When Eleanor Silliman Belknap was born on April 28, 1876, in Louisville, Kentucky, her father, William Richardson Belknap was 27 and her mother, Alice Trumbull Silliman (daughter of Benjamin Silliman, Jr. and Susan Huldah Forbes), was 29. Eleanor lived at Lincliff, a home built in the early 1910s by her father.
Both Eleanor and her sister Alice attended Vassar College, then a women's college. Eleanor wrote short stories and anecdotes for the early version of The Miscellany News. She planned skits for campus performances and wrote essays, plays, and poems. She was selected salutatorian of her Vassar class. Although a mathematics major at Vassar, she wrote her salutatory address about modern art. She participated in intramural sports and is mentioned in a book about the evolution of women's sports in American colleges. The author Louise Mead Tricard wrote in 1996 about American women's track and field from 1895 through 1980, using as a resource the Vassar College Library archives of scrapbooks kept by former Vassar students. Eleanor Belknap Humphrey's scrapbook is cited as one of the references in the bibliography (page 666 of 746 pages) of Tricard's book.
Eleanor Belknap Humphrey was a donor of art to the Speed Museum and gave archives and artifacts to the Filson Club. She and her sister Alice were among the private sponsors of a large two-volume history of American architecture which was a Works Projects Administration (WPA) project.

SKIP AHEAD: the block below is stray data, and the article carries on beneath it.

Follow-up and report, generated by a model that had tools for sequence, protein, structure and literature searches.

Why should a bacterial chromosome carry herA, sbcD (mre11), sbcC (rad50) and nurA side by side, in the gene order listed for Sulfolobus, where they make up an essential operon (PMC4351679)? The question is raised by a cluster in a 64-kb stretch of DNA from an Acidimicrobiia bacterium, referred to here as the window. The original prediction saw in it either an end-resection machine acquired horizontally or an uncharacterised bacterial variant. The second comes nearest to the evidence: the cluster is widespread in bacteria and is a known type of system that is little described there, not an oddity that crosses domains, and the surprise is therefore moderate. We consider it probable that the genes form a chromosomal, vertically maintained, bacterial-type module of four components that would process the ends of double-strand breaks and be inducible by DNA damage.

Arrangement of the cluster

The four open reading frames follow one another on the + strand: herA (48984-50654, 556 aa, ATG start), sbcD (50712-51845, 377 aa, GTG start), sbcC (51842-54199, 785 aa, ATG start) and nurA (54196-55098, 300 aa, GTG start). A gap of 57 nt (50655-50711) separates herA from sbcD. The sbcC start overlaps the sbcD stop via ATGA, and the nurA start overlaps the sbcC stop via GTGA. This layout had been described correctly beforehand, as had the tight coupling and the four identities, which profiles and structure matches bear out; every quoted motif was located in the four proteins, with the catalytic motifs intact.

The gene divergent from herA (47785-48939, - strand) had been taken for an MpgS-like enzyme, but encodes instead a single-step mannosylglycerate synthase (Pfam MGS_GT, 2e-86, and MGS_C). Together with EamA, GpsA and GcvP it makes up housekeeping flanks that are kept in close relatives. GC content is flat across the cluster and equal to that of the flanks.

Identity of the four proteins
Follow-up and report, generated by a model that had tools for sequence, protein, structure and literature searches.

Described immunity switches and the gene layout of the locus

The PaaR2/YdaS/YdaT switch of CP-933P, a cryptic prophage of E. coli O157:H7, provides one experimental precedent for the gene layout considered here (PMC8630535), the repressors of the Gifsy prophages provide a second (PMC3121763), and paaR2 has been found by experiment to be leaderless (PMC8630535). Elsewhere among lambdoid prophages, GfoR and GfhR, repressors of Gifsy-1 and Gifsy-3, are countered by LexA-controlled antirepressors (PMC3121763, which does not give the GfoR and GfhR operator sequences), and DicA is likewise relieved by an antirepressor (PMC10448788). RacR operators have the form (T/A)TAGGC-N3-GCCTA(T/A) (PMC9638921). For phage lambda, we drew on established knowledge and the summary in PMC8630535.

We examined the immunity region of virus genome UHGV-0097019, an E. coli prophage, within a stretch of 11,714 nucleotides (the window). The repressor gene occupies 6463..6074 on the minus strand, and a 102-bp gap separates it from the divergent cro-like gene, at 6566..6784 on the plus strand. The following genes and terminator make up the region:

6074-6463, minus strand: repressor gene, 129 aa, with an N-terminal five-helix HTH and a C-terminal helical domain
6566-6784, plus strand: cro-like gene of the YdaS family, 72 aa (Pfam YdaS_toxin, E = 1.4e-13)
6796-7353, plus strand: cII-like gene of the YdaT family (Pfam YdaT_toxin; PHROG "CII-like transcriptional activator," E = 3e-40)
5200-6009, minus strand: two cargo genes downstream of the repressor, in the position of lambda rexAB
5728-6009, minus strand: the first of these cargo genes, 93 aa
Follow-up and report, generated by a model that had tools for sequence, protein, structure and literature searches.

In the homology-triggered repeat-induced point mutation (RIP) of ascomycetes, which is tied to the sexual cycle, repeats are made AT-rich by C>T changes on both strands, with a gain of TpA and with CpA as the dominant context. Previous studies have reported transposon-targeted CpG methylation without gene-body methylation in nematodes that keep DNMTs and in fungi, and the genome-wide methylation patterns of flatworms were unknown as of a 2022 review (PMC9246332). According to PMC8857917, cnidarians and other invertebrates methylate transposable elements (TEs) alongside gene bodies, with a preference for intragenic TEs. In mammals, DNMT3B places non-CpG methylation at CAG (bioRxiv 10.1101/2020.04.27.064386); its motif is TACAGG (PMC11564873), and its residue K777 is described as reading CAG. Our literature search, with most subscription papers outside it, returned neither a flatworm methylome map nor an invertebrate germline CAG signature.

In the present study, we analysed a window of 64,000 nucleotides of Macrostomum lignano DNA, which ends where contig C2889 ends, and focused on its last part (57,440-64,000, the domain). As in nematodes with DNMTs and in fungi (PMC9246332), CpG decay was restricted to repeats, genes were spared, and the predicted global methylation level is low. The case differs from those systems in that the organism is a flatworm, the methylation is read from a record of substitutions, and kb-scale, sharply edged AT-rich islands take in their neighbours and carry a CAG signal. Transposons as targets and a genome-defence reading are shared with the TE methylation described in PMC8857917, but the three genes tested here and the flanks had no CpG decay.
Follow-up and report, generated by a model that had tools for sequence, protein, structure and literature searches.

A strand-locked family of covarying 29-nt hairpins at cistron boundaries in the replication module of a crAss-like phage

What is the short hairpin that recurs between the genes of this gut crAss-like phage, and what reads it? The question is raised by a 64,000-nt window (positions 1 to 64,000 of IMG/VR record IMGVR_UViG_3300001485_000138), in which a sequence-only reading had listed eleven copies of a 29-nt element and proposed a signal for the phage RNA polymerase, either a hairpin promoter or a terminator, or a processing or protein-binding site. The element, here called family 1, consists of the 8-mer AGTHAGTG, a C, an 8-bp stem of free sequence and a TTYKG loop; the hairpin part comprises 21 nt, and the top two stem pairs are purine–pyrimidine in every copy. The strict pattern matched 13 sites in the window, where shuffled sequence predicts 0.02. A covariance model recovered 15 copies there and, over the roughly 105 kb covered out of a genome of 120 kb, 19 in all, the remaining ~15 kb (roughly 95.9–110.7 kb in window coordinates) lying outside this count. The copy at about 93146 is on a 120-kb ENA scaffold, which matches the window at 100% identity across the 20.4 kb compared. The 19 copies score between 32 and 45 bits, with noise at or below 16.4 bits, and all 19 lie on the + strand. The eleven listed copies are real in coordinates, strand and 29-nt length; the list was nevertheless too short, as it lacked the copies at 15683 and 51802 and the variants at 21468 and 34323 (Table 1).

Eleanor Humphrey retrieved the Matthew Jouett portrait of her ancestor Catherine Cornelia Prather (first wife of Rev. Edward Porter Humphrey, one of the founders of Cave Hill Cemetery) from the Speed Museum collection. This 1822 portrait, known in the Belknap family as "The Little Grandmother" because it shows Catherine Cornelia Prather as a little girl, is now owned by her grandson Thomas M. Humphrey and was loaned in the 1970s to an exhibition of Kentucky artists at Transylvania University. A photograph of the "The Little Grandmother" contracted by the Humphrey collection was requested by art historian William Barrow Floyd for his 1980 book published by the Transylvania Printing Company in Lexington, Kentucky, Matthew Harris Jouett: Portraitist of the Ante-Bellum South. The Jouett portrait is documented in the listing of the Smithsonian Institution's American Portraits and was also listed in a book of Kentucky history listing portraits by Matthew Jouett.